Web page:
Set your own criteria: Determine what you think is excessive, while giving your employees the wiggle room to be human.  Anyone can get the flu.  Are you going to fire your employee for missing work for it? I doubt it – in fact I am sure you would rather they STAY AWAY!  This is an internal number that you set for yourself to be mindful of, not a number you share with your staff.  When we tell our staff they have a “free pass”, they will likely take it – pushing it just to the edge until they are “teetering on the line” (or worse… over it).

I recommend following The Rule of Three – 3 infractions in 3 months is starting to become excessive.  However, if you already have a concern about attendance, switch to 3 in 30 days while you get your staff used to the new format.  Remember, whatever you decide to use as a benchmark is your own information and not something you need to communicate with your staff.

Document, Document, Document: I say this so much to our members, some day you are going to start finishing my sentences!  I have a form I used but it could be as simple as a word document.  Write down, EVERY TIME, why you coached your employee, how the conversation went and what you asked them to change.  Keep these records together and use this information in future conversations, especially if you must escalate to more formal corrective action.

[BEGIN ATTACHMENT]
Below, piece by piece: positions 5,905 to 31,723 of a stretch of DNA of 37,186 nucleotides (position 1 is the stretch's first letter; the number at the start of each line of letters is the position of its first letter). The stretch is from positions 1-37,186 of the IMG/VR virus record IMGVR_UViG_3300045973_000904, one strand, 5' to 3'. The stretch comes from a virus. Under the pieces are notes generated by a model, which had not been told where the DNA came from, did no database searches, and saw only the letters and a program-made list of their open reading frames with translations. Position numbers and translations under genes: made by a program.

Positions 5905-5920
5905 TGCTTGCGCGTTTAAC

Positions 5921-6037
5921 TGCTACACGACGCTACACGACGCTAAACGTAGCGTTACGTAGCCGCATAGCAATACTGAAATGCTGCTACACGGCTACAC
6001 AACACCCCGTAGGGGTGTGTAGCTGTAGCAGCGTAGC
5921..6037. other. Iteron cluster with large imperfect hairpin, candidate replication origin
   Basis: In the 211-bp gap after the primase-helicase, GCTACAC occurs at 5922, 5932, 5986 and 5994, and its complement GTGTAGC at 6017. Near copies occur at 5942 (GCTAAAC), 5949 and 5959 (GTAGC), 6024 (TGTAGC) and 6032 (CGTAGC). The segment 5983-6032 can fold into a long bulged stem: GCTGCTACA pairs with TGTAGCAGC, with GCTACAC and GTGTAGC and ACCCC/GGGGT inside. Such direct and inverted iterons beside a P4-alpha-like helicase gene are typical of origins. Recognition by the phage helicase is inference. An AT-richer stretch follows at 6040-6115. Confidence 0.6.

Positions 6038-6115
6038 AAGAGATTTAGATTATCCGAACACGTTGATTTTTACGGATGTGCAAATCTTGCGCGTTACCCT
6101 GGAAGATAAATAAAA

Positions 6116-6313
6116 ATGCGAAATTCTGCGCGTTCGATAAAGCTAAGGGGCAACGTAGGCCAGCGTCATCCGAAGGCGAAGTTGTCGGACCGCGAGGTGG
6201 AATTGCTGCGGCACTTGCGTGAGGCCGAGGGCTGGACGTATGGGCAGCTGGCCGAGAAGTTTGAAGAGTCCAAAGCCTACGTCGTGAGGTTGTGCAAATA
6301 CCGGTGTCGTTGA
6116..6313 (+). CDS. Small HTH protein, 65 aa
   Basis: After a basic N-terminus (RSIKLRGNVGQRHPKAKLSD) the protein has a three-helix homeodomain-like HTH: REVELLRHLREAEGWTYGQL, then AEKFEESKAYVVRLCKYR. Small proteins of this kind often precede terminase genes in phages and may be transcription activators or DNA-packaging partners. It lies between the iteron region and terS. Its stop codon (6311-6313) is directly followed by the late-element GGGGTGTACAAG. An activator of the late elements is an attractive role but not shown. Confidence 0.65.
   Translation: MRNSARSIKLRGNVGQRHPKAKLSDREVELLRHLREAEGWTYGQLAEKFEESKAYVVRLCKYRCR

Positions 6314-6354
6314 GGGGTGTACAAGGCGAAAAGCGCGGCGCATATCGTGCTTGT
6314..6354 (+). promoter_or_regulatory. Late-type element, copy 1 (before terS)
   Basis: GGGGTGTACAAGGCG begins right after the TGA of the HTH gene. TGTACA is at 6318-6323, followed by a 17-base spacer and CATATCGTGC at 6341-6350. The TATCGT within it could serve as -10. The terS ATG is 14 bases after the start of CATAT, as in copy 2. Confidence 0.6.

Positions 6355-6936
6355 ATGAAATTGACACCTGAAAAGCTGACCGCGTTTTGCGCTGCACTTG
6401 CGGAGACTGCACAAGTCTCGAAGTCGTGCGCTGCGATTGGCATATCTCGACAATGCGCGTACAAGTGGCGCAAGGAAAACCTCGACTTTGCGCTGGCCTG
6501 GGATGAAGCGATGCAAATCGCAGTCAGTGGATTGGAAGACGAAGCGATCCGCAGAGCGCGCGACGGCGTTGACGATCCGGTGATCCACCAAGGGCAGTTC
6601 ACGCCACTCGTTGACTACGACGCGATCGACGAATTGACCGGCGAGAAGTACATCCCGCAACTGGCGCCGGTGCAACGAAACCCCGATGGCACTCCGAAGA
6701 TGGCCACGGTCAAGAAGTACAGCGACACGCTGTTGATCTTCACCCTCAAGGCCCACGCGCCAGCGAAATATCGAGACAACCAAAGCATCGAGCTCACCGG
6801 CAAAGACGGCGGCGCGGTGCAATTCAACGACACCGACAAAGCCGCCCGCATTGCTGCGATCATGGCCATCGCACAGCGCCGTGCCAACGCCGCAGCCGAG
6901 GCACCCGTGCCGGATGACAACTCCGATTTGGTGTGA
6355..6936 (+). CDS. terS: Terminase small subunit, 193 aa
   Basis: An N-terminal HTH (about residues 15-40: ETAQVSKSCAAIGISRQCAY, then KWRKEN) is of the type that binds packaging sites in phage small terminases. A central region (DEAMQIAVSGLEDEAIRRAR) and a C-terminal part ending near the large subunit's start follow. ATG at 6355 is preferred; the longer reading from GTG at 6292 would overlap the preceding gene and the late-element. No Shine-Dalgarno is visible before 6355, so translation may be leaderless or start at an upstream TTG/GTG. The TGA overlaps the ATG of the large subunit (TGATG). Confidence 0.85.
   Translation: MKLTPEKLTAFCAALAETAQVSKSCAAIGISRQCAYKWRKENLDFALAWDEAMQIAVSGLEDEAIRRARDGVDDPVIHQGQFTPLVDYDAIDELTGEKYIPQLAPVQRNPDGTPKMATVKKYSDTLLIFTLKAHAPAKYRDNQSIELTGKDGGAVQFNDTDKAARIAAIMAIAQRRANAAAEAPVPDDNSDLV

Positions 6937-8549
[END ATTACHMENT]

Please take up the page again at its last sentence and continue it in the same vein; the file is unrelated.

Amy Alvarez
HR Consulting and Services Manager
Amy Alvarez, SHRM-CP is IDOC’s Human Resources Consultant. Amy has experience in HR in healthcare and retail, management in big box and specialty retail stores and physician recruitment. Through these roles and training, Amy is well-versed in recruitment and hiring strategies for “hard to fill” roles, dealing with low productivity, helping encourage employee engagement, on-boarding, training, day-to-day management in a retail setting, employee relations, and so much more.
Trending Blogs

12/2/2022 | Author: IDOC

Hayley Stewart, IDOC Financial Services Manager

The end of the year is quickly approaching, which means you are probably thinking about your practice’s bookkeeping and all the many year-end deadlines that are going to be here before you know it. One of those deadlines you... Read more

11/4/2022 | Author: Nathan Hayes

IDOC is excited to announce the first benchmark report for our new Books & Benchmark; Financial Statement Benchmarks are live.  With over 30 practices connected to the database, we’re now able to run benchmarks.  Let us share a couple of aspects of how we do benchmarks that... Read more

9/9/2022 | Author: Maddie Langston